As contemporary ballets go, Interplay is said to be one of the best. As a representation of American youth in 1940s New York, Interplay is more than a ballet — it’s a slice of history. Today, the work remains in the American Ballet Theatre and New York City Ballet repertories. And now, because of our recent partnership with ABT, Ballet San Jose has the chance to put its own spin on a Jerome Robbins classic.

Erica, Social Media Coordinator

Sources:
http://en.wikipedia.org/wiki/Interplay_(ballet)
http://www.abt.org/education/archive/ballets/interplay.html
http://en.wikipedia.org/wiki/Jerome_Robbins

Tagged , , , , , , , , , ,

Ballet San Jose’s Volunteers: They Make the World Go ‘Round

volunteers like Rommel and Minnie have generously donated their time to Ballet San Jose, and we appreciate every moment!

Volunteers like Rommel and Minnie have generously donated their time to Ballet San Jose, and we appreciate every moment!

With 2012 Season subscriptions available for renewal and single tickets for Programs 1 and 2 now on sale, we are gaining momentum in our sprint toward March 2. Ballet San Jose‘s dancers are working closely with people like David Richardson and American Ballet Theatre’s Susan Jones to stage Bruch Violin Concerto No. 1 and Paquita, respectively. Meanwhile, we second-floor dwellers are also working hard to get the season’s programs up and running on schedule.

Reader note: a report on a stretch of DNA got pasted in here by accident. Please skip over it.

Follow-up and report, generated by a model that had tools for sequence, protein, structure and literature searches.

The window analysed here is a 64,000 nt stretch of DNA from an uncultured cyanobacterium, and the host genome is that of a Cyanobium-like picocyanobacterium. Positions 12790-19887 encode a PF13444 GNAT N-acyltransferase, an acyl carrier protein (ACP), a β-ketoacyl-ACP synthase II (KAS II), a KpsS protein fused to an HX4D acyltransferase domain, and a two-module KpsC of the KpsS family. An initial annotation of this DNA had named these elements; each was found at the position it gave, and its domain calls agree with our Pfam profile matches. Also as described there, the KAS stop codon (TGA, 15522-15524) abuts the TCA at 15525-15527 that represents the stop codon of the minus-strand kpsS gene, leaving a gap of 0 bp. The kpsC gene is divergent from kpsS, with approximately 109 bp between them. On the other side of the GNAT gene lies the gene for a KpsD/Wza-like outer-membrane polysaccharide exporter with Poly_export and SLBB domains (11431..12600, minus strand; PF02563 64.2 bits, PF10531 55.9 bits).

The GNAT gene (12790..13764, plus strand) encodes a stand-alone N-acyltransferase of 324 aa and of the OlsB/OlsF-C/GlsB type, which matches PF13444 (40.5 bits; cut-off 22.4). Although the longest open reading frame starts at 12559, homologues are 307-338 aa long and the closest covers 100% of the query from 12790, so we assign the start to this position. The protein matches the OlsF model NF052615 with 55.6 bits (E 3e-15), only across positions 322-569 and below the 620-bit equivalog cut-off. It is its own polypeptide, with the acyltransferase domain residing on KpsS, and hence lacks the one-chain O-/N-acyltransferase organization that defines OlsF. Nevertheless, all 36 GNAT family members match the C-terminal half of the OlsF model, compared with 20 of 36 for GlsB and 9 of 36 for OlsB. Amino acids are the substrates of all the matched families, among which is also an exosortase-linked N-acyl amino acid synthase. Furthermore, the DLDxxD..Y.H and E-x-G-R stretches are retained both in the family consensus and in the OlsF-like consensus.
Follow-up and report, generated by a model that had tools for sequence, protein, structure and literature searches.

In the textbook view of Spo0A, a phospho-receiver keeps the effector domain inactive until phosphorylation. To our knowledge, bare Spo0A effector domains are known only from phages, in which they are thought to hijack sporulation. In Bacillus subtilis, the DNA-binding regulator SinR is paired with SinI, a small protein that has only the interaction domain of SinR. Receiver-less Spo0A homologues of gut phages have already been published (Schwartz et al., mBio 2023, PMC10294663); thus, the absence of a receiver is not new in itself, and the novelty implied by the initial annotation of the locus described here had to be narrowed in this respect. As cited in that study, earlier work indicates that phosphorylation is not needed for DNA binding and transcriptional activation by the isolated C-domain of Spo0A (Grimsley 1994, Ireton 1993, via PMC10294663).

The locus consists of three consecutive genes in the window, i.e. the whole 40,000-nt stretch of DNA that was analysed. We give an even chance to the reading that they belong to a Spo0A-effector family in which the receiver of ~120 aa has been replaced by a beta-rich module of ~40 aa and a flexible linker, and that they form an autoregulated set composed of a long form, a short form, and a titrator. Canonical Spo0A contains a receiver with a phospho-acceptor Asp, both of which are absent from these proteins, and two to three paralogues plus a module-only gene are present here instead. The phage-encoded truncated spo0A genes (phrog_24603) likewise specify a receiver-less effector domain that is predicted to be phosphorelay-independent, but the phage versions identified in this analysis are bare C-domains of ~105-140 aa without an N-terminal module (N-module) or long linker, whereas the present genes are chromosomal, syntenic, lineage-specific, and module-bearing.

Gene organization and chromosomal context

However, the hard work isn’t limited to employees or dancers in the company. Volunteers from around the area have generously stepped forward to donate their time as well.

A number of our season subscribers, parents of Ballet San Jose School students, and long-time supporters have volunteered to help us with community outreach. Since Tuesday, volunteers have arrived at the Ballet San Jose studios every evening and spent hours calling last year’s subscribers, urging them to renew before the 2012 Season opens. The volunteers have a great time talking about last year’s ballets and discussing the upcoming pieces. And with this “Season of Premieres” fast approaching, there is certainly a lot to talk about.

In fact, I’ve heard the volunteers had so much fun Tuesday night that many of them asked if they could come back for a second night of outreach.

Lee told me that he couldn’t have asked for a better crew:

It’s a whole different ball game when the person calling you from Ballet San Jose is a volunteer—a volunteer who really loves the organization and believes in what we do. We are incredibly lucky to have help from people who truly believe in our artistic staff. You can’t really put a price on that kind of support.

As someone who is relatively new to the organization, I can’t describe how cool it is to know that Ballet San Jose has these kinds of supporters. They aren’t limited to doing outreach over the phone; Ballet San Jose is fortunate enough to have volunteers who are willing to help with any number of tasks, from working the “Will Call” booth during shows to helping out at the boutique during The Nutcracker. I come from a small business background, and this is my first foray into the world of nonprofits. Bit by bit, I’m discovering that there are some amazing things about nonprofits that you just don’t find anywhere else.